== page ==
According to a new recently released survey from the U.S. Green Building Council (USGBC), employees who work in LEED-certified green buildings are happier, healthier, and more productive than employees in conventional and non-LEED buildings. The survey also shows that a majority of office workers want to work for companies that are value-oriented, take stances on important issues like sustainability, and do their part for making a positive difference in the world. In fact, 84% of respondents prefer to work for a company that has a strong, concrete mission and positive values.
When it comes to choosing a new job, findings show that people’s decisions were influenced by whether or not the workplace was in a LEED-certified building. More than 90% of respondents in LEED-certified green buildings say they are satisfied on the job and 79% say they would choose a job in a LEED-certified building over a non-LEED building.
“We discovered that today’s employees are more motivated than ever to work for a company that promotes not just a higher standard of living for its employees, but also of its community,” said Mahesh Ramanujam, president and CEO, USGBC. “In today’s highly competitive job market, if companies want to attract and retain highly-skilled, talented employees, they must demonstrate a commitment to environmental, human, and economic sustainability.”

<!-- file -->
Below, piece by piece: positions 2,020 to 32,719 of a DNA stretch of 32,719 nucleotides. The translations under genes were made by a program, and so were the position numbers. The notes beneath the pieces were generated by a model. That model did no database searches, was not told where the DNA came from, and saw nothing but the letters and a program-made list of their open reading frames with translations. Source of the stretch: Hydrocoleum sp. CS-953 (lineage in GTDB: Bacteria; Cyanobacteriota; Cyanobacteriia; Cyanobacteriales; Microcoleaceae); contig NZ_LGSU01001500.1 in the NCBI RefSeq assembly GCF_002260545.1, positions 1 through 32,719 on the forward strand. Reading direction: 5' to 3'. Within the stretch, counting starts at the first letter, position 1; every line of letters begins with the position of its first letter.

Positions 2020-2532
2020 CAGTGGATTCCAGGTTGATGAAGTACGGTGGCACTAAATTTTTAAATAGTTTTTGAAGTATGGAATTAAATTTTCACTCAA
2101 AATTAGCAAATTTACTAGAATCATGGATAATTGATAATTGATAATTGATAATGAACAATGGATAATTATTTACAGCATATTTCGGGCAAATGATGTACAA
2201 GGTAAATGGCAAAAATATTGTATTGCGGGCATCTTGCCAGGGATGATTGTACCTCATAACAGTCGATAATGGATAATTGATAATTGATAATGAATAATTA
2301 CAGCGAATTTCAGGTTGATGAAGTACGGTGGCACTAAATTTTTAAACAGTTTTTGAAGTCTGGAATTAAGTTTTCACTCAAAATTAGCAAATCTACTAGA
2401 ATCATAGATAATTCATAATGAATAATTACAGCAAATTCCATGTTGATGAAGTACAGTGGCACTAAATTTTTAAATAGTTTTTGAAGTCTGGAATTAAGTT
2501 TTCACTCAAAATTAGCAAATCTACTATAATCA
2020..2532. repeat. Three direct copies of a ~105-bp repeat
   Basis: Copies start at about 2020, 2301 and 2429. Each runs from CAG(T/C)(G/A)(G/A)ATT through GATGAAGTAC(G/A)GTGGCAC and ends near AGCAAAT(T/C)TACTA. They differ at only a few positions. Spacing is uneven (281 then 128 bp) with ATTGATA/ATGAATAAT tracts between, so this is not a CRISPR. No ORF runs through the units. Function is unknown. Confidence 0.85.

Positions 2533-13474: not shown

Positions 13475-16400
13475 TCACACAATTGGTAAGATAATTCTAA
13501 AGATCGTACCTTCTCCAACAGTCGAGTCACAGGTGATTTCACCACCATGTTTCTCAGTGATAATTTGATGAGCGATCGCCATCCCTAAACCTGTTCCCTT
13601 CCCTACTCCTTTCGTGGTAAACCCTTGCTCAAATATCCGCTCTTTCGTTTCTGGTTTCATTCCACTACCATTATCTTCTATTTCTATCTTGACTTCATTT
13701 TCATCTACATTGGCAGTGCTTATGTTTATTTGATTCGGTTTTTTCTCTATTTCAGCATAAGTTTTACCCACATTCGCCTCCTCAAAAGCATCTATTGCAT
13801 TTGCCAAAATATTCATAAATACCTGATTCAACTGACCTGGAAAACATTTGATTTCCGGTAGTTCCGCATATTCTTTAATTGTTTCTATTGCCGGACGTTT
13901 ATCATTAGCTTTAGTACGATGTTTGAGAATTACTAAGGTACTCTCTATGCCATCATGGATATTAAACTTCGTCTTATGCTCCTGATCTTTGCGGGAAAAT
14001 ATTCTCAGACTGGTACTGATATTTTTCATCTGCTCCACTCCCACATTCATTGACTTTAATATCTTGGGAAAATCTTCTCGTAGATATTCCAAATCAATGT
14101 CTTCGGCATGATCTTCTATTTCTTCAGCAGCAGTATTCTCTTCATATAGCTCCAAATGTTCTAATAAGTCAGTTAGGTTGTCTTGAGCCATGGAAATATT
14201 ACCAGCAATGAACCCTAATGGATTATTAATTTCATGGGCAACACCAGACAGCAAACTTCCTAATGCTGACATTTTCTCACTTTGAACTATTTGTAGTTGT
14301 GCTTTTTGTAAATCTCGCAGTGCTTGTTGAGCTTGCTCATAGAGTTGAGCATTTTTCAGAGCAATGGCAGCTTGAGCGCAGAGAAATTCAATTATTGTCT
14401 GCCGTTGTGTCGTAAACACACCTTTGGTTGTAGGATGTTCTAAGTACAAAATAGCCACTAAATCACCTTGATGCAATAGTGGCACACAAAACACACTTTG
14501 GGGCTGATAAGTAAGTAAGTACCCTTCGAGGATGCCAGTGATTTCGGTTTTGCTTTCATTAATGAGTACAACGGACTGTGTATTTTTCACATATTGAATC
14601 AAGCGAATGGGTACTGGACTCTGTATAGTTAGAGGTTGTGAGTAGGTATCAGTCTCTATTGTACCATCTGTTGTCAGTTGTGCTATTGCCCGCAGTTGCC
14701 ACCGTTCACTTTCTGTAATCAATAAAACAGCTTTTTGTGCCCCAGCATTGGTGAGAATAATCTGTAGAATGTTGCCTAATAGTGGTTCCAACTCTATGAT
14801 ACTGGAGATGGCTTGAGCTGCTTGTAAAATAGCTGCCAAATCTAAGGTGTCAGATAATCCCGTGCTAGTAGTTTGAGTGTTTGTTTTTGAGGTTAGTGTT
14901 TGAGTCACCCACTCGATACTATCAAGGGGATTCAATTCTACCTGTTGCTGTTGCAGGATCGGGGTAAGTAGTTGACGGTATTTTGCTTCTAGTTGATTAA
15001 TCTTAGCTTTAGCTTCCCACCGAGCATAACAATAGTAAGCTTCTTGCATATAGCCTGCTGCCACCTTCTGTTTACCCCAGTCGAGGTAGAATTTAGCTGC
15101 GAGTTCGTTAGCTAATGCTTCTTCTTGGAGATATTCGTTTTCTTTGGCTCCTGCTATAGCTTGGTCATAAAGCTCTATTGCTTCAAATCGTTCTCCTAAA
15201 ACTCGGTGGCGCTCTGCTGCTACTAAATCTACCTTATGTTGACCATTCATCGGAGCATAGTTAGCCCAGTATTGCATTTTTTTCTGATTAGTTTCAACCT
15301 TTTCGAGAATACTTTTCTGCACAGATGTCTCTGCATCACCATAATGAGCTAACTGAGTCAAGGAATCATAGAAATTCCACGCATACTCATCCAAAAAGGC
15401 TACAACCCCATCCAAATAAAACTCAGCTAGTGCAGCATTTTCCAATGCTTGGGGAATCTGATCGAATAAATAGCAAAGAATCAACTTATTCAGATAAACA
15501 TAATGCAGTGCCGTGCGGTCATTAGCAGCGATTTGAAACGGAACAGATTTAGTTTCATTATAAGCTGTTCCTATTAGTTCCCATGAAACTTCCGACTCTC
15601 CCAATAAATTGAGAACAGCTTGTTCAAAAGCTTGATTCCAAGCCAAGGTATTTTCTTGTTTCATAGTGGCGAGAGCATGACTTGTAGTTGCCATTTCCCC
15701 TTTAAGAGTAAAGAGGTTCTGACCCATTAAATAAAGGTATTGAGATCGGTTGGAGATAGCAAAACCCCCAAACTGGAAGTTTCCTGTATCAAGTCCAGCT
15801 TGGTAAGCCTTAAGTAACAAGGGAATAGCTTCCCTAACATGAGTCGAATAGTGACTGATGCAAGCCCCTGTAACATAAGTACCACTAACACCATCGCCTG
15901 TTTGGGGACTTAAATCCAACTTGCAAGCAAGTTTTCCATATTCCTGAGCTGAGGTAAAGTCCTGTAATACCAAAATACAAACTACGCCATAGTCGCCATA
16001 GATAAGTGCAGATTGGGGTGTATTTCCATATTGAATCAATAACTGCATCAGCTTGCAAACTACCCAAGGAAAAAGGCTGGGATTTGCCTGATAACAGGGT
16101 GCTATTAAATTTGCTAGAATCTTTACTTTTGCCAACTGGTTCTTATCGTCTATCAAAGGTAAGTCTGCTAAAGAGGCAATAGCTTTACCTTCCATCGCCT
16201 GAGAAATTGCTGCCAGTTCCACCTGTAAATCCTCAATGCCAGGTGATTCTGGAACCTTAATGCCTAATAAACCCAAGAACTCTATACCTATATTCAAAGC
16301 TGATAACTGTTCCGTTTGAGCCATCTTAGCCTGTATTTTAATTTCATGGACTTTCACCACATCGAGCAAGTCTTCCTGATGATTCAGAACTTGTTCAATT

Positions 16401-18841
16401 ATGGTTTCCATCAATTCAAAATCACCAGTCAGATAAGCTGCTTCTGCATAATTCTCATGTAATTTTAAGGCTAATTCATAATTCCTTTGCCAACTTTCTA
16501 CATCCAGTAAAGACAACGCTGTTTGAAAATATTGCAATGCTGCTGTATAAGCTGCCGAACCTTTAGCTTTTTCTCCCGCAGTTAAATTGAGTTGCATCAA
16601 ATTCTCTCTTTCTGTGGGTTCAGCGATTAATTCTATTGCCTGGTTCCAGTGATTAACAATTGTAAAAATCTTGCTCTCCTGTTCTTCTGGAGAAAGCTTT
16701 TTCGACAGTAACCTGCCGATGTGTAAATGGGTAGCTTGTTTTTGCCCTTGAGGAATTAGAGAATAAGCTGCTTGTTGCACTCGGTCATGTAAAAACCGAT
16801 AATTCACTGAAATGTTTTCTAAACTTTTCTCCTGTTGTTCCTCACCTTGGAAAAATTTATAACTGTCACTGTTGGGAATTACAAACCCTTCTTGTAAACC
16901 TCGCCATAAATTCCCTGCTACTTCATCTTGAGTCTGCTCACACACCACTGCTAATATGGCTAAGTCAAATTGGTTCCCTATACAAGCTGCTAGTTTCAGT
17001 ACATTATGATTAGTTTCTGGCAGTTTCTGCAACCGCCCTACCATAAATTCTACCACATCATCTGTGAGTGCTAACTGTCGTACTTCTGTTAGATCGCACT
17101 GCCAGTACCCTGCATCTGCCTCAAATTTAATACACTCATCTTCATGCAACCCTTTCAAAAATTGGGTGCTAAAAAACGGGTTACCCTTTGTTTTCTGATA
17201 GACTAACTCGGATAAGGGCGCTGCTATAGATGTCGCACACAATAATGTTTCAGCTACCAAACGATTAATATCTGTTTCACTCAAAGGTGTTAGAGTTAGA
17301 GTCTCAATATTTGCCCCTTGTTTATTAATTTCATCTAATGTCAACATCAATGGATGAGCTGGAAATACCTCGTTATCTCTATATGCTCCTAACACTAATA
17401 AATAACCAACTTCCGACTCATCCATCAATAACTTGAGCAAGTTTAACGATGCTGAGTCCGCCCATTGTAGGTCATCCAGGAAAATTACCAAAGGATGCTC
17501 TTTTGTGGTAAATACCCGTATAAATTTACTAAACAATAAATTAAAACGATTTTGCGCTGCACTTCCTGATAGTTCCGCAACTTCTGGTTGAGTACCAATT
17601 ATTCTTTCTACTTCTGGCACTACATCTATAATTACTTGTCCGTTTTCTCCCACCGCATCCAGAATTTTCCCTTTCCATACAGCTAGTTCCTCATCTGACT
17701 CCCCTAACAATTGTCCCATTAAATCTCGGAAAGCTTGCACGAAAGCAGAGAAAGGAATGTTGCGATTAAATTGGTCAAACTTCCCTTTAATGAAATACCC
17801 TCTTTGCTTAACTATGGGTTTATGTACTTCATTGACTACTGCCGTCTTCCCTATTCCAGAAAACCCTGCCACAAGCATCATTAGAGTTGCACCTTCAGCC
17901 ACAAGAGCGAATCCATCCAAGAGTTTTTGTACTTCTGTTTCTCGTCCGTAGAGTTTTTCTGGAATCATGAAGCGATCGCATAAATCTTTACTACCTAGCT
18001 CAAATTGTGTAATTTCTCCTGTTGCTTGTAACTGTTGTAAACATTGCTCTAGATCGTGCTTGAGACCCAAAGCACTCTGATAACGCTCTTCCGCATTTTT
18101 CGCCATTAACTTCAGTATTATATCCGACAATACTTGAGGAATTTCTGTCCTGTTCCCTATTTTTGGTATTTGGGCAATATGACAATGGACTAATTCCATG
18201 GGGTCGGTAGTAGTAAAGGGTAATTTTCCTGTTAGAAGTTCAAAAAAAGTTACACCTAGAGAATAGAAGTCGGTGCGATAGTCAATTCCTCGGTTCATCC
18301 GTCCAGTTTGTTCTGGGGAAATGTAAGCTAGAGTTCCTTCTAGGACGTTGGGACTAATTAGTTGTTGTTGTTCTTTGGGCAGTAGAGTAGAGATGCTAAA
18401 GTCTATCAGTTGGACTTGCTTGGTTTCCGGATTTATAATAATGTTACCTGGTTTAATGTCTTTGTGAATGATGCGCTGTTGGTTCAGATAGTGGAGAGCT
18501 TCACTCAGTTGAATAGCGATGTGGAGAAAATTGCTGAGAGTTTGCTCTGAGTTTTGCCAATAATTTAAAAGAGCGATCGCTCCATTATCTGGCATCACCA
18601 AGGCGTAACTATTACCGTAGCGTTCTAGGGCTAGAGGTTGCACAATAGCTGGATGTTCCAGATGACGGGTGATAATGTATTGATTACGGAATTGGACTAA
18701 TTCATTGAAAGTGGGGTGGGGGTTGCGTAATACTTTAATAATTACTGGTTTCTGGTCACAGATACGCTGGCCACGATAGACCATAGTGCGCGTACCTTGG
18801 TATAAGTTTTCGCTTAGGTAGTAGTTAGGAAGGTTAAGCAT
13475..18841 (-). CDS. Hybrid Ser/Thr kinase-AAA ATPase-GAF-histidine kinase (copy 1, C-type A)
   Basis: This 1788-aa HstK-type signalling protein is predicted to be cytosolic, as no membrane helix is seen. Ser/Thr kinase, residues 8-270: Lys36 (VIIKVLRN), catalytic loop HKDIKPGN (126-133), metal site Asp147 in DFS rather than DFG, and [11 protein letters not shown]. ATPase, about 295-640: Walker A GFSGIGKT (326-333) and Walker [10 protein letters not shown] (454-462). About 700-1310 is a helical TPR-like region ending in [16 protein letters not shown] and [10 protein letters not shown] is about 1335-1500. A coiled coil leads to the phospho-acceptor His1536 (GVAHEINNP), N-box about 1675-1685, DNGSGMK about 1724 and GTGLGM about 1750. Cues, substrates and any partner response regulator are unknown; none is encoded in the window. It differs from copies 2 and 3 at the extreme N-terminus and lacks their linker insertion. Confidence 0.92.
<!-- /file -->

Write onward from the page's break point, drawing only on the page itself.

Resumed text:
LEED buildings are linked to improved productivity, health, and wellness, and the survey showed that these attributes, as well as a space that provides clean and high-quality indoor air, directly contribute to employees feeling happy and fulfilled at work. More than 80% of respondents say that being productive on the job and having access to clean, high-quality indoor air contributes to their overall workplace happiness.
In addition, 85% of employees in LEED-certified buildings also say their access to quality outdoor views and natural sunlight boosts their overall productivity and happiness, and 80% say the enhanced air quality improves their physical health and comfort.
The survey, conducted by Porter Novelli on behalf of USGBC, included 1,001 workers in the U.S. who are employed full-time or part-time, or self-employed but work in an office building setting.